One of the things I appreciate about my life is how it always introduces me to passionate people in the most unexpected ways. For example, have you ever met someone with a hidden talent? And no I don’t mean your frat brother who could drink a 6-pack in under a minute or your sister-in-law who can burp the alphabet. I mean truly amazing and talented individuals that have seemed to skated under your radar.

A few months ago I learned that my barber/hair stylist, Try Serino, is a professionally trained artist. What amazed me was how humble she was about this fact as she cut my hair. She explained that while art is her passion, it doesn’t always pay the bills (preach on sister!!!) and she found being a hair stylist a nice balance that allowed her to explore her creative side and keep the money rolling in to cover expenses.

And don’t get me wrong, Try is a phenom hair stylist as evidenced by the fact that I travel 45 minutes each way to sit in her chair. But when she finally shared her work with me, it blew me away. It’s dark, beautiful and complicated – this isn’t your throw it up in your foyer stuff – it is highly interpretative, subjective and leaves the viewers with questions of their own. For me, that is the hallmark of true art – work that not only draws me in but forces me to think.

After pestering Try on various occasions, she finally granted me a brief interview so I could explore more deeply her creative process and paintings:

Try, where did you do your training?

I hail from Washington, D.C., and earned a Fine Arts degree in painting from The University of the District of Columbia. Since graduating, I have had solo shows in Washington DC, Savannah Georgia, Salem Massachusetts, and San Francisco.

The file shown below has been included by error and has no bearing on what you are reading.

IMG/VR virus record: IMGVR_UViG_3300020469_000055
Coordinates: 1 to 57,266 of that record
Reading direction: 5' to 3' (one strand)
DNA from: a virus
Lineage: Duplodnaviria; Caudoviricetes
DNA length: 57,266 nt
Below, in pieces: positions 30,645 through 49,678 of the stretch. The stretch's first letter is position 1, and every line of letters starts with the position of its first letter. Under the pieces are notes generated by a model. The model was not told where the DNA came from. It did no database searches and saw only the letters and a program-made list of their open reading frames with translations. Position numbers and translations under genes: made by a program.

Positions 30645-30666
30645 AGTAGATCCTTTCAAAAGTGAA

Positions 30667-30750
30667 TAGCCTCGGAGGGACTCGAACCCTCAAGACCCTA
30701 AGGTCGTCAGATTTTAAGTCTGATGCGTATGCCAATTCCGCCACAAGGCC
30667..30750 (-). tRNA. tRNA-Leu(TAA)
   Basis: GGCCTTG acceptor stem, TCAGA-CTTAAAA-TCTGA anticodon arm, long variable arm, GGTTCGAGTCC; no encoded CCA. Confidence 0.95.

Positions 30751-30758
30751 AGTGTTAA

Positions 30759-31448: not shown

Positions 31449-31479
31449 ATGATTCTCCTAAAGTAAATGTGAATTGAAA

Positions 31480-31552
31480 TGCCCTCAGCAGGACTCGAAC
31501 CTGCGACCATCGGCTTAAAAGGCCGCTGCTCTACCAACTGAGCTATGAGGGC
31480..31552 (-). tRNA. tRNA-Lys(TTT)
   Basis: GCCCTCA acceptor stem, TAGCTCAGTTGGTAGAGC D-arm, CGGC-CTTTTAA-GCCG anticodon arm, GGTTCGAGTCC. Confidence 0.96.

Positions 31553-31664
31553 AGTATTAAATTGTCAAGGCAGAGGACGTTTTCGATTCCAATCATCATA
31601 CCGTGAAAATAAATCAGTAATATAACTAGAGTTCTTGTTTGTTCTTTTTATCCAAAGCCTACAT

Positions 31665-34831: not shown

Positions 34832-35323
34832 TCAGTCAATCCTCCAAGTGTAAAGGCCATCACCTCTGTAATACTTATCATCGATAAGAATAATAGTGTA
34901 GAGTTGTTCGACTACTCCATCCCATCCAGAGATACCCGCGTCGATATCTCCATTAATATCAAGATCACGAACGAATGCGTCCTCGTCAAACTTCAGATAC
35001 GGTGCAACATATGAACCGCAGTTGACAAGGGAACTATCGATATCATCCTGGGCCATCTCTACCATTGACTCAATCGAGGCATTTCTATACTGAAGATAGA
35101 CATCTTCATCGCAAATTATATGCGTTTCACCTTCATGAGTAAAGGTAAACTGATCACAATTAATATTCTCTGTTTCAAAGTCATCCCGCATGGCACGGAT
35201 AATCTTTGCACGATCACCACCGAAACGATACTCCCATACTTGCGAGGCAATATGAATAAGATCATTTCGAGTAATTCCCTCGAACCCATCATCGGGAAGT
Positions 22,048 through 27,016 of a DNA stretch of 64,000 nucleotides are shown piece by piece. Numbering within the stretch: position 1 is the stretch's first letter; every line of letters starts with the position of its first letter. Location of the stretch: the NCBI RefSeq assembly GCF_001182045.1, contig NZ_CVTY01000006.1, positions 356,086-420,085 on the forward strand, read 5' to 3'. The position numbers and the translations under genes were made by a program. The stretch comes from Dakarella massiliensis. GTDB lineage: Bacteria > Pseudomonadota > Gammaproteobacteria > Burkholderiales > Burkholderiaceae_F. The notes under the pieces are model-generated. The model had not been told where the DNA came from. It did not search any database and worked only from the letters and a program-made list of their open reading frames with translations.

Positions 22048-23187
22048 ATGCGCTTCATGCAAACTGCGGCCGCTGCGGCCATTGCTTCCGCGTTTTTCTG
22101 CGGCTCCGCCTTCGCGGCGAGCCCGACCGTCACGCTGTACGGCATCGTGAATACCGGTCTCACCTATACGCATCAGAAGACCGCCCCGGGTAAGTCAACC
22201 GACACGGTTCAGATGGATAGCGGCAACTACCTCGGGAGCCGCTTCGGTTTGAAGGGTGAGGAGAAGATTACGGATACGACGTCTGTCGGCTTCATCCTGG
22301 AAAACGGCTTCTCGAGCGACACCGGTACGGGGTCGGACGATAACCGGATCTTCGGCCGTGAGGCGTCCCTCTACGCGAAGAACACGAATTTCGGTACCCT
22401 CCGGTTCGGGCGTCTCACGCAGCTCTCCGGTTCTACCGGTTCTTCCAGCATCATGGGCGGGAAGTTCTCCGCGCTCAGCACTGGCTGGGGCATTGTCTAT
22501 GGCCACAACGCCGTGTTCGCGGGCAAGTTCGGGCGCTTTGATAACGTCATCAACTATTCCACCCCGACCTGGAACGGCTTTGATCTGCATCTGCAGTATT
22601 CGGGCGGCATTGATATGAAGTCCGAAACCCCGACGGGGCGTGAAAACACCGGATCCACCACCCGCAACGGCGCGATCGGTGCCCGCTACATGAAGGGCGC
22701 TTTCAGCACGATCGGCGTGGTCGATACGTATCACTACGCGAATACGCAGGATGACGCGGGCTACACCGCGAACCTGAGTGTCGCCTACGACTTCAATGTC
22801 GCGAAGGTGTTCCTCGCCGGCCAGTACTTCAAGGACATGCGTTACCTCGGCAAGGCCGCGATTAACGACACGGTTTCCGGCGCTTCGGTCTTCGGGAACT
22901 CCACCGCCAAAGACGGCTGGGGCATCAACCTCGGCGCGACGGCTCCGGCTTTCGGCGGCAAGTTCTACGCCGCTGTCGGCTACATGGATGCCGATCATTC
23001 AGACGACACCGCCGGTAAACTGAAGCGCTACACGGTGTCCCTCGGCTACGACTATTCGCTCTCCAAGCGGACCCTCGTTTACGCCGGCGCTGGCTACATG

Your work has a beautiful muted vibrancy. In some of your pieces it’s like you took a snapshot and put it on the canvas and then painted over it. What is your process?

Thank you. I work with a variety of materials, including gesso, acrylic medium/paint, charcoal, and photographs, put on to canvas. I continue the process by adding layers of pigment to build up the image resulting in a rich, layered and at times, multi-dimensional final product.

When I look at your work, I feel like I know the subjects. Is your work based on real people you have met or know?

Although primarily representational, I try to explore the conceptual relationships between color and value influence in my work using a variety of methods from traditional portraiture to figurative abstraction.

Some would say that you work could be interpreted as dark, but to me there also seems to be more than just darkness.

My paintings run the gamut but I often illustrate the sometimes dark beauty hidden in the subjects I use for my figurative work. I explore that through a mixture of media and metaphor. Like many artists, the statements I personify in my work are a reflection of the unique conditions in my life.

As you know, I am a huge fan of your work, so what’s next on the horizon?

Well, being a hair stylist has place me in contact with a wide swath of unique and varied people but at the same time has left me with the realization that being a woman of color in this industry has it’s challenges. I am in the preliminary stages of a set of new works that explore my creative journey in the hair industry. I envision it as a large-scale graphic novel that tells the story of maintaining your center in a world made of dreams.

Thank you Try! I love Try’s work and its deeply personal approach to tell the visual story. I am eyeing a piece for our living room – now I just need to collect my pennies and start saving!  Interested parties can contact Try at serinotry@gmail.com for more details on her paintings or discuss commissioned pieces.

Okay, I have an old college friend and her fiancé in town this weekend. I am off to play host.  Have a great weekend!!!!